Can Apple watch ECG detect possible signs of stroke?

The Apple watch ECG is a step up from the Apple Watch's existing heart rate monitor that it can now measure a user's heart rhythm, and can notify them when it detects patterns in their heart data that appear to be atrial fibrillation, a type of irregular heart rhythm. The watch is also able to send a wearer's heart data to a physician via PDF.

"FDA worked closely with Apple as they developed and tested these apps, which may help many users identify health concerns more quickly. Healthcare products on smart watches may help users seek treatment earlier and will empower patients with more information about their health," FDA Commissioner Scott Gottlieb, MD, tweeted.

The Apple watch ECG function can detect an Atrial Fibrillation or AFib which is a quivering or irregular heartbeat (arrhythmia) that can lead to blood clots, stroke, heart failure and other heart-related complications.

How does it work?

To understand the Apple watch ECG function, we first need to talk about a traditional ECG.  The ECG or electrocardiogram measures the electrical activity of the heart. In order to measure the electrical activity of the heart we need two or more electrodes that have a vector that passes the heart these electrodes give  information to the computer we can calculate the voltage difference and then based on the vector and those voltages we can diagnose various pathologies of the heart.

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The Apple watch is essentially a lead one ECG. The first electrode is the ceramic  back on the actual watch body and the second electrode is the crown, which you touch with your  opposite hand finger. This lead one ECG is very effective at measuring the rhythm of the heart and that's why this is such a good fit for detecting atrial fibrillation It's important to note however that the ECG function only works when you have the your finger touching the crown and you actually ask the Apple watch to do an ECG.

It can actually prompt you as well, so using the optical sensors on the back of the watch and uses PPG (photoplethysmography) to detect your heart rate. This is a technology that we've seen and the other Apple watches and various fitness trackers and other smart watches. If he Apple watch detects an irregular heart rate it will prompt you to perform an ECG.

How can useful is the Apple watch Ecg?

Certain factors may increase your risk of developing atrial fibrillation, such as Age, Heart disease, high blood pressure, other chronic condition, drinking alcohol, obesity and if you have a family history. Sometimes atrial fibrillation can lead to complications such as Stroke.  In atrial fibrillation, the chaotic rhythm may cause blood to pool in your heart's upper chambers (atria) and form clots. If a blood clot forms, it could dislodge from your heart and travel to your brain. There it might block blood flow, causing a stroke.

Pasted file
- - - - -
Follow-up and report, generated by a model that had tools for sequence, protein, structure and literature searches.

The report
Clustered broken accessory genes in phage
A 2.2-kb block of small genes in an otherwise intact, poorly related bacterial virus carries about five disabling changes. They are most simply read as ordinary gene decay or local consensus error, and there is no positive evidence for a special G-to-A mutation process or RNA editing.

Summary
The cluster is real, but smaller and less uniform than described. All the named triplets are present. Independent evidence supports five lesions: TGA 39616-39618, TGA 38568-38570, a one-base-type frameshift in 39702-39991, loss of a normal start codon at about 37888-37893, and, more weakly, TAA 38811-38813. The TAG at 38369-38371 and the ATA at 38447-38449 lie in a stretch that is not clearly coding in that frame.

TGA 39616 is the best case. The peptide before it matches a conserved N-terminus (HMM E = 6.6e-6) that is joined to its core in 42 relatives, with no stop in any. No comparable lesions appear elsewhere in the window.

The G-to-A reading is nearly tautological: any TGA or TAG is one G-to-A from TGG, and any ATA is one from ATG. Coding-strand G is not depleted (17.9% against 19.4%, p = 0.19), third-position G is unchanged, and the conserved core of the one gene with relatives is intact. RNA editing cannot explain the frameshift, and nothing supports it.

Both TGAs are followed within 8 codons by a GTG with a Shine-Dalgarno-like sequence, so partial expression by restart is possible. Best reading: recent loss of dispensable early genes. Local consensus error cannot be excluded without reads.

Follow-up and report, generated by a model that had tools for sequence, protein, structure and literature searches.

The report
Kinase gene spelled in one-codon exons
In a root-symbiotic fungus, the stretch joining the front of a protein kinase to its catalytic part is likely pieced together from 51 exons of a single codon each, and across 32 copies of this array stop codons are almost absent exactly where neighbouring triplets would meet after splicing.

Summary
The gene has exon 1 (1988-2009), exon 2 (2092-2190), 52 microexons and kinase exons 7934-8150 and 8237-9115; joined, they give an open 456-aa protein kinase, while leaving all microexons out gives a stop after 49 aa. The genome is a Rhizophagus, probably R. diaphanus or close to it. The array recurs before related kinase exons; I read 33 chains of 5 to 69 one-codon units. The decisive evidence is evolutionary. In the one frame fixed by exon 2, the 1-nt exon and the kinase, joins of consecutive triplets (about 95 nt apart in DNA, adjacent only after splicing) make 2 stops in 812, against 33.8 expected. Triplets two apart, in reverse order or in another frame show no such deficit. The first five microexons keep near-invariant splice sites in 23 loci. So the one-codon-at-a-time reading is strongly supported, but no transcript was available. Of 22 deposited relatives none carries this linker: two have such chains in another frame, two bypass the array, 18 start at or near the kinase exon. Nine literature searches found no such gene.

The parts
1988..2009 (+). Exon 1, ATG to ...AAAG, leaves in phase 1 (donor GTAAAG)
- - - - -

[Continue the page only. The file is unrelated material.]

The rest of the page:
The risk of a stroke in atrial fibrillation depends on your age (you have a higher risk as you age) and on whether you have high blood pressure, diabetes, a history of heart failure or previous stroke, and other factors. Certain medications, such as blood thinners, can greatly lower your risk of a stroke or the damage to other organs caused by blood clots. [Mayo Clinic: Atrial Fibrillation ]  

This is definitely useful and there's a lot of promise here, but on a population level, we're not sure what this is going to do no test is 100% perfect. A lot of the functionality and the effect of the Apple watch is going to depend on the ECG sensitivity and specificity. No test is 100% perfect, Apple enables the ECG function and we see a lot of people using this and have more data points.

The concern is that patients may put too much emphasis on the data provided by their Apple watch. For example, if a patient is symptomatic and they run an ECG on themselves and it says no Afib is detected, they may have a false sense of security, and maybe without the Apple watch they would have gotten properly worked up and gotten the treatment that they need and with Apple watch they're more likely to say, “oh I'm ok again.” We won't really know until we see the function out in the wild the second issue is essentially after treatment over screening and over treatment a lot of Afib is asymptomatic or you don't necessarily need to work up but if this is detecting a lot of those instances there will be a subset.

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Some lives are definitely going to be saved by the Apple watch, without a doubt; there are also a subset of patients that will be receiving a treatment that is not necessary. It can add to your stress if you don’t know how to read the results and make you paranoid, as your doctors are obligated to check everything to be sure, you may end up getting a treatment that you don’t really need.

But if you have Afibs, heart disease, or high blood pressure, maybe the Apple watch ECG function may actually be handy to monitor your heart and send the data to your doctor for a reading. Apple may have included this feature to monitor the progress of your heart health, but never consider it as your cardiologist.

While you are here, you may be interested with The "IF's" why the Apple watch is not for you